It's the E=MC2 of middle fingers.

Ever concerned about safety, however, Musk went on Twitter back in January to warn potential buyers that “Obviously, a flamethrower is a super terrible idea. Definitely don’t buy one” before following up with “Unless you like fun.” Musk has also benevolently included a complimentary fire extinguisher with each (not a) flamethrower shipped.

But with all his mini flammenwerfers now sold, Musk had to find something to fill his days. He was probably about to head back to his office to fill out some paperwork when he thought of something just as productive — launching his car into space.

SpaceX debuted its Falcon Heavy rocket on Feb. 6, the most powerful booster since NASA’s Saturn V, which was used in the Apollo program. But what to use as a worthy payload for this test flight? Musk decided to perch one of his own Tesla Roadsters — a midnight cherry red Roadster to be precise — atop the rocket. Of course, every car needs a driver, and in this case it’s a spacesuit-clad mannequin dubbed Starman. Every car also needs a ridiculous item on the dash, and this car has a toy Tesla Roadster glued to the dash with a mini Starman in the driver’s seat.

Musk’s car was shown via live feed from outer space for several hours before the feed went dark. The car is presently more than two million miles away from Earth, destined to befuddle future extraterrestrial visitors to our solar system.

Okay, I was hedging at first, but these are very much the actions of a mad scientist. I mean, who does this guy think he is, Johann Conrad Dippel?

Look, Elon. I know you like doing things that are new, innovative, and dare I say, crazy. But if you really want to get people’s attention, how about doing something really unbelievable — like buying the Suns and helping them win an NBA championship.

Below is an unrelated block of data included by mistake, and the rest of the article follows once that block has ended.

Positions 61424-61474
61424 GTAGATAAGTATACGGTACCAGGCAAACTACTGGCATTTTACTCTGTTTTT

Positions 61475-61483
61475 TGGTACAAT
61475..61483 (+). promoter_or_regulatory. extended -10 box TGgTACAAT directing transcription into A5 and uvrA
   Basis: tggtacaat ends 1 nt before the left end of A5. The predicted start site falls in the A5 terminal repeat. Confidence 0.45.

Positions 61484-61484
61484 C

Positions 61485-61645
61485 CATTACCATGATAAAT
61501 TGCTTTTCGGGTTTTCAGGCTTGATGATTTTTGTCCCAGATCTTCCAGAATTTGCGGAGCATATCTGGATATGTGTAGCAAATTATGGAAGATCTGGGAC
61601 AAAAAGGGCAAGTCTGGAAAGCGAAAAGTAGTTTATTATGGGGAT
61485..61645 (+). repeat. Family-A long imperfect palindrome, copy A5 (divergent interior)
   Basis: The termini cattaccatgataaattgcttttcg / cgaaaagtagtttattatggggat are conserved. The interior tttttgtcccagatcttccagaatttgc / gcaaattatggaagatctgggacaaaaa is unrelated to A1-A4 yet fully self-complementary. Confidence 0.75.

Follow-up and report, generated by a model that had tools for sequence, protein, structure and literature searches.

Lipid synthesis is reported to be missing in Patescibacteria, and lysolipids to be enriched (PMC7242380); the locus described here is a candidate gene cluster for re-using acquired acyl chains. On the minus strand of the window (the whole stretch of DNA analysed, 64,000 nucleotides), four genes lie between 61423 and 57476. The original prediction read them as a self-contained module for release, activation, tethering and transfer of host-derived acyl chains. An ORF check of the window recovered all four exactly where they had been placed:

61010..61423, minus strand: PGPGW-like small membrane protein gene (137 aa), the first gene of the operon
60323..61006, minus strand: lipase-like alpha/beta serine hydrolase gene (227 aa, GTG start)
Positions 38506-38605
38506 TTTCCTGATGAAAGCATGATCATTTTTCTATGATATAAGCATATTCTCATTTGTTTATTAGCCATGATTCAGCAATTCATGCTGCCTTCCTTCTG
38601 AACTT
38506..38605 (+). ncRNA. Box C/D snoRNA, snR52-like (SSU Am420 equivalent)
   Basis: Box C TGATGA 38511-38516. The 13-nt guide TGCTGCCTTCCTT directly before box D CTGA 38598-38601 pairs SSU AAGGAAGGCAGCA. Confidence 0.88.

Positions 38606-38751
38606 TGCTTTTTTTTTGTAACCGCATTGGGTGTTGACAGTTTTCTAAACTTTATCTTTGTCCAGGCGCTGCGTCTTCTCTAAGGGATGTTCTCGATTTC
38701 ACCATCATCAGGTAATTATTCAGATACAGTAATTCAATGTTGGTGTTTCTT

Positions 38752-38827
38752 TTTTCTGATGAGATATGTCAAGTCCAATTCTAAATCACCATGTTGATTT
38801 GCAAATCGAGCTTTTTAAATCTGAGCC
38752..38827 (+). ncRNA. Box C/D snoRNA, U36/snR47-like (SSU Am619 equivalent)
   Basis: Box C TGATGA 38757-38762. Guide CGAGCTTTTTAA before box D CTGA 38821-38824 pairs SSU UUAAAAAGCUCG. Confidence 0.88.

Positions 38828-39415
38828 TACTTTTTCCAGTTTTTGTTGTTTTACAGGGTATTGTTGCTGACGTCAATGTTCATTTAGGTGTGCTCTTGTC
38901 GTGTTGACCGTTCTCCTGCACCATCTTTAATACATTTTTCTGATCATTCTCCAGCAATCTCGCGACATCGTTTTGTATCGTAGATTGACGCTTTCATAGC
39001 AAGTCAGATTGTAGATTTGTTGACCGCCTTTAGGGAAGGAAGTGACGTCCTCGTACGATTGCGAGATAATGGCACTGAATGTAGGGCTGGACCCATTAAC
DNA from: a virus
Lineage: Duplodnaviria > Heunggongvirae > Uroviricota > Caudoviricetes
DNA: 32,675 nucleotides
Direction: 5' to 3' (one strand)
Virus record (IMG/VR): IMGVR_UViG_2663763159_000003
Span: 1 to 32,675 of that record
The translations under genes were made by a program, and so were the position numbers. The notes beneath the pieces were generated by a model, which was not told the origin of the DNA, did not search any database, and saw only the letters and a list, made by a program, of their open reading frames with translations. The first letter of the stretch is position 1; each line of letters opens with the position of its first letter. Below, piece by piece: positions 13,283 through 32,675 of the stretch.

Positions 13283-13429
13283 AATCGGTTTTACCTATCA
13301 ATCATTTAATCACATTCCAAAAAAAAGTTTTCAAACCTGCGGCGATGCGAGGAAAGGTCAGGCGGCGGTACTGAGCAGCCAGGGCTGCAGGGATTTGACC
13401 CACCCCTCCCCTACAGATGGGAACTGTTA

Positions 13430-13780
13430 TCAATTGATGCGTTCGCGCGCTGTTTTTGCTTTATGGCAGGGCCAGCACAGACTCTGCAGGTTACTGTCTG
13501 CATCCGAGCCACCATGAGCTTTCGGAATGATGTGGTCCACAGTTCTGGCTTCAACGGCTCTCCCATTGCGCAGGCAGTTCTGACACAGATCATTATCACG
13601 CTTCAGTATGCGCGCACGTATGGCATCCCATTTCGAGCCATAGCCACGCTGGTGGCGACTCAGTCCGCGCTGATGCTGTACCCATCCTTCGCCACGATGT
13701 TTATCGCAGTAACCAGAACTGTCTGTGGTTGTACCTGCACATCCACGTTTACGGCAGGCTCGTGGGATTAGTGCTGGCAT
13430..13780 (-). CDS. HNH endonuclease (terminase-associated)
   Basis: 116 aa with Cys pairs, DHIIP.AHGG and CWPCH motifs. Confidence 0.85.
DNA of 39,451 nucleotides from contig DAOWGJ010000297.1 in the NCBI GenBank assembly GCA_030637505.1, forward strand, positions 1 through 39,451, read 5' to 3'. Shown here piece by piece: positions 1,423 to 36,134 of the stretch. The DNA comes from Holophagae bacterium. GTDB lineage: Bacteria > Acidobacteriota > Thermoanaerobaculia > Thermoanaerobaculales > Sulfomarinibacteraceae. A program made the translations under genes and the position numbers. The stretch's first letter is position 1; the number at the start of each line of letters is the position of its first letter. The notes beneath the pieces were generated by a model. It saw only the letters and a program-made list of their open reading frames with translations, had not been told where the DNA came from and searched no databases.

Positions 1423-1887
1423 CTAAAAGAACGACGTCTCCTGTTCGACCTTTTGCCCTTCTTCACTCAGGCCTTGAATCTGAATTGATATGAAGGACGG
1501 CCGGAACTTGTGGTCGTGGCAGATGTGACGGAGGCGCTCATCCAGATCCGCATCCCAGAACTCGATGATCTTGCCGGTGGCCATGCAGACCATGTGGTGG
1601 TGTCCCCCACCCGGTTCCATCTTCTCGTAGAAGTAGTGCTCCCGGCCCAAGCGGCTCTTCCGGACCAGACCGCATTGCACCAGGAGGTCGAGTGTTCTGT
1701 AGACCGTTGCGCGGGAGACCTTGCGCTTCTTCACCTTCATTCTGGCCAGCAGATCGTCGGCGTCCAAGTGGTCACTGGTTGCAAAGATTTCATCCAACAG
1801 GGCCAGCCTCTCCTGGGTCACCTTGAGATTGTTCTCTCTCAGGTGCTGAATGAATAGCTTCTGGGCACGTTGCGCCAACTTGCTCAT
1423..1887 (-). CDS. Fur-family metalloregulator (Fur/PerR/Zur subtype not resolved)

And Flamethrower Night would be lit.

What’s in the box?!!!

The holiday season usually involves its fair share of chocolate consumption, but apparently it also occasionally involves larvae consumption as well.

Back in December, a family purchased a box of Ferrero Rocher chocolate balls from a Walmart in Omaha. When they went to eat them, though, they found the chocolates infested with Indian Meal Moth caterpillars. Naturally, this development did not make their holiday more holly or more jolly.

This isn’t the first time larvae have been found in Ferrero Rocher products, either. Back in August, another woman and her roommate found maggots in their box of Ferrero Rocher chocolates.

The company released a statement in response to the December incident that said in part: “Rare occurrences of infestation have occurred in Ferrero Rocher, similar to other chocolate and food products whose packaging makes them more vulnerable to infestation. Pests can penetrate nearly any type of confectionery packaging on the market today, except glass or metal.” The statement went on to blame improper storage and not the production process itself.

That’s the spirit, Ferrero Rocher. Make sure everyone knows that instances of discovering maggots in your chocolate is a rare occurrence. Sure, every once in a while some Indian Meal Moth caterpillars might find their way into your dessert, but no one seems interested in talking about all those times you didn’t eat bugs, are they?

The Suns should consider adopting this strategy and remind fans of all the times the team wasn’t in the NBA’s cellar.


There are bad days and then there are bad days. Maybe you got yelled at by your boss. Maybe someone was in your usual parking space. Maybe your Baby Ruth got stuck in the vending machine. But when you got home, was your toilet still there? Then you’re not Charlie Villanueva.

Back in December, the former NBA player returned home only to find he’d been burglarized. The thieves had taken several items from his home; those items included his commode.

And you thought sitting through 40-point losses was tough. Charlie doesn’t even have a place to sit.